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SD Game, Fish, and Parks adopts new state pheasant action plan

South Dakota Game, Fish and Parks commissioners have adopted a five-year management plan for pheasants.

Despite objections from some hunting advocates, that plan does not include returning to a brood count.

Commissioners met at Custer State Park for their monthly meeting to make finalizations on proposals, hear petitions, and host a public form.

One area of focus was the adoption of a new five-year pheasant action plan. The plan includes continuing a new method of gathering pheasant data that some believe is not accurate.

The department switched to hunter surveys in 2019 instead of conducting a traditional brood count. For over 50 years, department staff would drive rural routes annually to count groups of pheasants.

The department reported receiving over 30,000 survey responses from hunters this year.

Many South Dakotans gave public comment on the plan asking the department to bring back the brood count. Some said the new survey favorably presents pheasant numbers to encourage more out-of-state hunters.

Robert Whitmyre is a GFP Commissioner. He said he has watched the new hunter-based survey method develop since 2019 into a more accurate brood count system.

“Here’s our measure that we are headed in the right direction, and it's great to see folks be able to get out there and utilize that and enjoy South Dakota for what she has to offer,” said Whitmyre.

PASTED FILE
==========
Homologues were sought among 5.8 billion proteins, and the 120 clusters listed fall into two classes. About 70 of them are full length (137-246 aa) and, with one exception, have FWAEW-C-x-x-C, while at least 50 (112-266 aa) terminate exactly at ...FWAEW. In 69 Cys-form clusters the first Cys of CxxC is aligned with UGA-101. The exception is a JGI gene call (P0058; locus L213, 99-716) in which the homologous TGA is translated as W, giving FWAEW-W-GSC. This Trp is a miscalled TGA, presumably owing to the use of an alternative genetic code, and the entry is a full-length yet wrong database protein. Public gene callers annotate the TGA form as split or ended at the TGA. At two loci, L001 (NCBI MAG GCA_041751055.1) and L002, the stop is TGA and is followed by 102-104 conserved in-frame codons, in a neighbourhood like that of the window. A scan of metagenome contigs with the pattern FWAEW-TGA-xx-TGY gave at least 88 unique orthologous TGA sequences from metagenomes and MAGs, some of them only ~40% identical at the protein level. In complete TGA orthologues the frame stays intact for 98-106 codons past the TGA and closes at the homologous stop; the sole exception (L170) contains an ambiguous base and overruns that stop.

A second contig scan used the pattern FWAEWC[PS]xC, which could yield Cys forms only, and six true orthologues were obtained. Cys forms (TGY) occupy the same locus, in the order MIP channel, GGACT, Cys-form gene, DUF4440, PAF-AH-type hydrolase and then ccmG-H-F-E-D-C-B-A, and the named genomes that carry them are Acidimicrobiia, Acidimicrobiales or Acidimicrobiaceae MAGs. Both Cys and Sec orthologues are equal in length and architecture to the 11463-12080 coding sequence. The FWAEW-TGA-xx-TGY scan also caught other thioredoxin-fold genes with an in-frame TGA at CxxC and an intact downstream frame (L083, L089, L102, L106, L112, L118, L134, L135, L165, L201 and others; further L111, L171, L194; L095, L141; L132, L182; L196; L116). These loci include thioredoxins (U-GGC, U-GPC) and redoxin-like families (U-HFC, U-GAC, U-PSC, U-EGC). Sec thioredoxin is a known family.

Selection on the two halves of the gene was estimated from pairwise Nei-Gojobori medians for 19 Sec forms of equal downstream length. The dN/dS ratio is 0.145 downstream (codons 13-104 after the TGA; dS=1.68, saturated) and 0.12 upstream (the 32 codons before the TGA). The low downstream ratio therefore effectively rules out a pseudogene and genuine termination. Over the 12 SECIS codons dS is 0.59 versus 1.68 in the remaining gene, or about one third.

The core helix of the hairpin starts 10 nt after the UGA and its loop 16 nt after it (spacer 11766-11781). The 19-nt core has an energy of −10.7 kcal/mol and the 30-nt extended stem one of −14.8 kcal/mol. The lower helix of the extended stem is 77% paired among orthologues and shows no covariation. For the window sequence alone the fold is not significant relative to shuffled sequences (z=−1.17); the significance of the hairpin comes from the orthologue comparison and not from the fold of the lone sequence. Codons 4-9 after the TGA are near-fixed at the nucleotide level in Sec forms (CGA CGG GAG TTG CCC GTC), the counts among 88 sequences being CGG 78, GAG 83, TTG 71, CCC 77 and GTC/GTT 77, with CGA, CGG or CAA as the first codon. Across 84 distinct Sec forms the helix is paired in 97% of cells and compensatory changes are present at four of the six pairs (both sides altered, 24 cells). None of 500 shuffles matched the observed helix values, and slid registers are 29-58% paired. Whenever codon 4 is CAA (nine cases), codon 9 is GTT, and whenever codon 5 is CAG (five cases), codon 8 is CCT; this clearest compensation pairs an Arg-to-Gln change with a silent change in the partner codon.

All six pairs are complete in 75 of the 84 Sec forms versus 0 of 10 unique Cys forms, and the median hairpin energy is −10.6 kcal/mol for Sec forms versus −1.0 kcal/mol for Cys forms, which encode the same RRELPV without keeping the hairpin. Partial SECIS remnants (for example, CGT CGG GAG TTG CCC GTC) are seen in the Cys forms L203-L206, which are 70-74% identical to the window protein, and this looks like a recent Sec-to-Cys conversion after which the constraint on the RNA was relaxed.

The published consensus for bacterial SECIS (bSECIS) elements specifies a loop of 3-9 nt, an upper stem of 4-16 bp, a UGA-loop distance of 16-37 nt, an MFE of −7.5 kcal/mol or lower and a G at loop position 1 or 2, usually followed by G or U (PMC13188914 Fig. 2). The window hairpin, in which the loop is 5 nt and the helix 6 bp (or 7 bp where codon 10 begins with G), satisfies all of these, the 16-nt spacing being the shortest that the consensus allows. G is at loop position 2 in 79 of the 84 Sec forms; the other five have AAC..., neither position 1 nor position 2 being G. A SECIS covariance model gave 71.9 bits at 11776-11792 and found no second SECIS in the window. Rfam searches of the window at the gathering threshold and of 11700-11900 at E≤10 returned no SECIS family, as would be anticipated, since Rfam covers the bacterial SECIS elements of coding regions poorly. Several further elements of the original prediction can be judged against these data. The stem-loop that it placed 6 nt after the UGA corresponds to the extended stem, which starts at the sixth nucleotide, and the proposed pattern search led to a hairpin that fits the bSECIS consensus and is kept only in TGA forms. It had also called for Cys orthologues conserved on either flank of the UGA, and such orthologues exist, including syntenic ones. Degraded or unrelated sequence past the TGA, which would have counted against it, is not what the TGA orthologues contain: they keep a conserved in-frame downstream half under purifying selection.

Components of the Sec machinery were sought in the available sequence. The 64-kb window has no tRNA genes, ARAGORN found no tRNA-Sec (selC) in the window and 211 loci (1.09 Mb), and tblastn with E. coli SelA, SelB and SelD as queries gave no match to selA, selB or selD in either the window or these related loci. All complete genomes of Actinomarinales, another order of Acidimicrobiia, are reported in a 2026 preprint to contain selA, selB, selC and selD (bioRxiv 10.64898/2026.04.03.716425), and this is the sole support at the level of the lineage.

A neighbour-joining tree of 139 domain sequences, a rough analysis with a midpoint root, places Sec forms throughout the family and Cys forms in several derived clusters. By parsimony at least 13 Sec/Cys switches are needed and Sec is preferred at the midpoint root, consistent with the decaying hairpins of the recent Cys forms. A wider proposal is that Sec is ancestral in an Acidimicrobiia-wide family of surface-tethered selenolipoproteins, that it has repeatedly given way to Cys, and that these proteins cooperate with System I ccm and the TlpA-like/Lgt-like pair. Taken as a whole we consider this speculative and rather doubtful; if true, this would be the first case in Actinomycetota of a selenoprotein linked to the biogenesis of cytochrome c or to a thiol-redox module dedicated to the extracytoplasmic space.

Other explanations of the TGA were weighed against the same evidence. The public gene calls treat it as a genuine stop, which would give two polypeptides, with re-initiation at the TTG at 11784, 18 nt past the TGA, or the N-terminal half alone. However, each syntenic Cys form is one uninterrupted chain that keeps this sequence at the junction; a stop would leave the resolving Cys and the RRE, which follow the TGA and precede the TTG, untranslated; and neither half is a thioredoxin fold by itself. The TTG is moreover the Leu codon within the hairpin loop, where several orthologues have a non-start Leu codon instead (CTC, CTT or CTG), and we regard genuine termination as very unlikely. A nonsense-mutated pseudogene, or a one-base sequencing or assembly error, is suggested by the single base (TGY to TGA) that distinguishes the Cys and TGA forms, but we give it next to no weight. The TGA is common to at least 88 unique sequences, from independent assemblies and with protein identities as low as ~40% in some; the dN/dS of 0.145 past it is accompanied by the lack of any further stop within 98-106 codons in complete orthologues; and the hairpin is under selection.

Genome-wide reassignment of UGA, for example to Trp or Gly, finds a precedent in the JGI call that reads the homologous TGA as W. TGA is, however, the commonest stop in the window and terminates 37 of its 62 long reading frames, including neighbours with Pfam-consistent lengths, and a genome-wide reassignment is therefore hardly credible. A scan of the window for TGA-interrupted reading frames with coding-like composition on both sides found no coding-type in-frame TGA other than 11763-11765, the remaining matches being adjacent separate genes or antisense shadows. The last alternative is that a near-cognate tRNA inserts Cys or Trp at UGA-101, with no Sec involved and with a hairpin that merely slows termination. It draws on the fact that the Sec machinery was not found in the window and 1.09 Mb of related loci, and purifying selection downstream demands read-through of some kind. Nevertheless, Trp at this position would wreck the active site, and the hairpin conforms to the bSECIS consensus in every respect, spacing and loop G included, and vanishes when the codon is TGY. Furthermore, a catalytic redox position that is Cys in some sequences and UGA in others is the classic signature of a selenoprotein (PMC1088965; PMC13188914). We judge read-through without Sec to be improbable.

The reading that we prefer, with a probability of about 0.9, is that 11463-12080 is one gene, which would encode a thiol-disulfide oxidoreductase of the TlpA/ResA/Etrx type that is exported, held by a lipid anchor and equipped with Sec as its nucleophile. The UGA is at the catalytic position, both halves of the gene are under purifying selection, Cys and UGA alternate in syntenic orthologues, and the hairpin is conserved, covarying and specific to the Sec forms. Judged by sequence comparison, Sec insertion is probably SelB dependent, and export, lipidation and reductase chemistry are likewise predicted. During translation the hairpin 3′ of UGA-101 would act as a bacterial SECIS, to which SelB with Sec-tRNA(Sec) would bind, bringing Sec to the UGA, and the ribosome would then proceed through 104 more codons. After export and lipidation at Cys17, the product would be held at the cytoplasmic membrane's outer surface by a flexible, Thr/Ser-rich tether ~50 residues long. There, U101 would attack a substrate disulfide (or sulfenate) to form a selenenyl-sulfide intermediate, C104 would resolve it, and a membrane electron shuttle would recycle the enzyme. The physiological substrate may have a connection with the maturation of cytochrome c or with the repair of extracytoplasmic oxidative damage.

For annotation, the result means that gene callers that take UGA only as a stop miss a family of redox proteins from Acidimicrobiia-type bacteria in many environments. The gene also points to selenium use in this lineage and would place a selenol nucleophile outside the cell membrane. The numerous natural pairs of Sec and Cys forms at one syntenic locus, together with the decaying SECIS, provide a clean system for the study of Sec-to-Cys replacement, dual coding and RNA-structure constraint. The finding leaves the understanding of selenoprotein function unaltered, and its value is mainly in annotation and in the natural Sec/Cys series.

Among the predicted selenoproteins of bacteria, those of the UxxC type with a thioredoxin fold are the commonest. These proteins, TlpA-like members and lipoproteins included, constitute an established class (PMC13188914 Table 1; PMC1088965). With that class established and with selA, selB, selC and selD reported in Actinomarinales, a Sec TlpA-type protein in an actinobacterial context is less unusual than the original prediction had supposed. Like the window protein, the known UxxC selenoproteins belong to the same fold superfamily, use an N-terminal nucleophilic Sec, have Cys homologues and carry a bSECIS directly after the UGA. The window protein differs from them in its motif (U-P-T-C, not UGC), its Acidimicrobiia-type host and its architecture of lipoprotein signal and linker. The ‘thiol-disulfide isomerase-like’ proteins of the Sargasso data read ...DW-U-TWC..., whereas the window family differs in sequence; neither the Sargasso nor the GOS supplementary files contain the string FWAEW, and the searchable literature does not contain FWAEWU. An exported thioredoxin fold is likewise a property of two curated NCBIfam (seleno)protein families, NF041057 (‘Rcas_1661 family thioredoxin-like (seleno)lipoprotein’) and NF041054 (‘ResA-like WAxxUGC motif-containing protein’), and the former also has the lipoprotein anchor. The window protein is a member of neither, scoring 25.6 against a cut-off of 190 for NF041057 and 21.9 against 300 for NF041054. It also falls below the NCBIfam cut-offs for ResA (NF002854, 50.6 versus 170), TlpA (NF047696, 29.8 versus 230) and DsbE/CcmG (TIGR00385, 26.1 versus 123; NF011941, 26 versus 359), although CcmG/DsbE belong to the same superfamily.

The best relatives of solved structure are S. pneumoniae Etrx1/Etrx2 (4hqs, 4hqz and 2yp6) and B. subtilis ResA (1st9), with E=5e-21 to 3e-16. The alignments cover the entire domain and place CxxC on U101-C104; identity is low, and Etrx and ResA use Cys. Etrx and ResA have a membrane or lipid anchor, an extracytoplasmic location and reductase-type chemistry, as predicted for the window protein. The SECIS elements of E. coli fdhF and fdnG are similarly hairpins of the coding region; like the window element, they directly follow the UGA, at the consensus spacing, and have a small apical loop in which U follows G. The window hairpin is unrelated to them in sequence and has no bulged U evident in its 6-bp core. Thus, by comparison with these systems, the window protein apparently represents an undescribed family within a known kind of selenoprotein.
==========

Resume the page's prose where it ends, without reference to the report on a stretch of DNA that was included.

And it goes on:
Alex Solem is a Senior Upland Game Biologistwith Game, Fish and Parks. He presented the annual harvest report to the commission.

“Some really good news is we are actually up in pheasant harvest from last year. Our total pheasant harvest was just over 1.2 million birds. That was an increase of 7.3 percent,” said Solem.

He said it’s not just pheasant numbers that are on the rise.

“We had about 135,000 total pheasant hunters which is an increase of six percent. Residents, we had about 57,000 resident hunters, again, a slight increase from last year. And then nonresidents, we had 77,000, almost 78,000 nonresident pheasant hunters,” said Solem.

The commission unanimously accepted the department’s Pheasant Action Plan, which extends through 2028.

Evan Walton is an SDPB reporter based in Sioux Falls. Evan holds a Master’s in English Literature from Southern New Hampshire University and was honorably discharged from the United States Army in 2015, where he served for five years as an infantryman.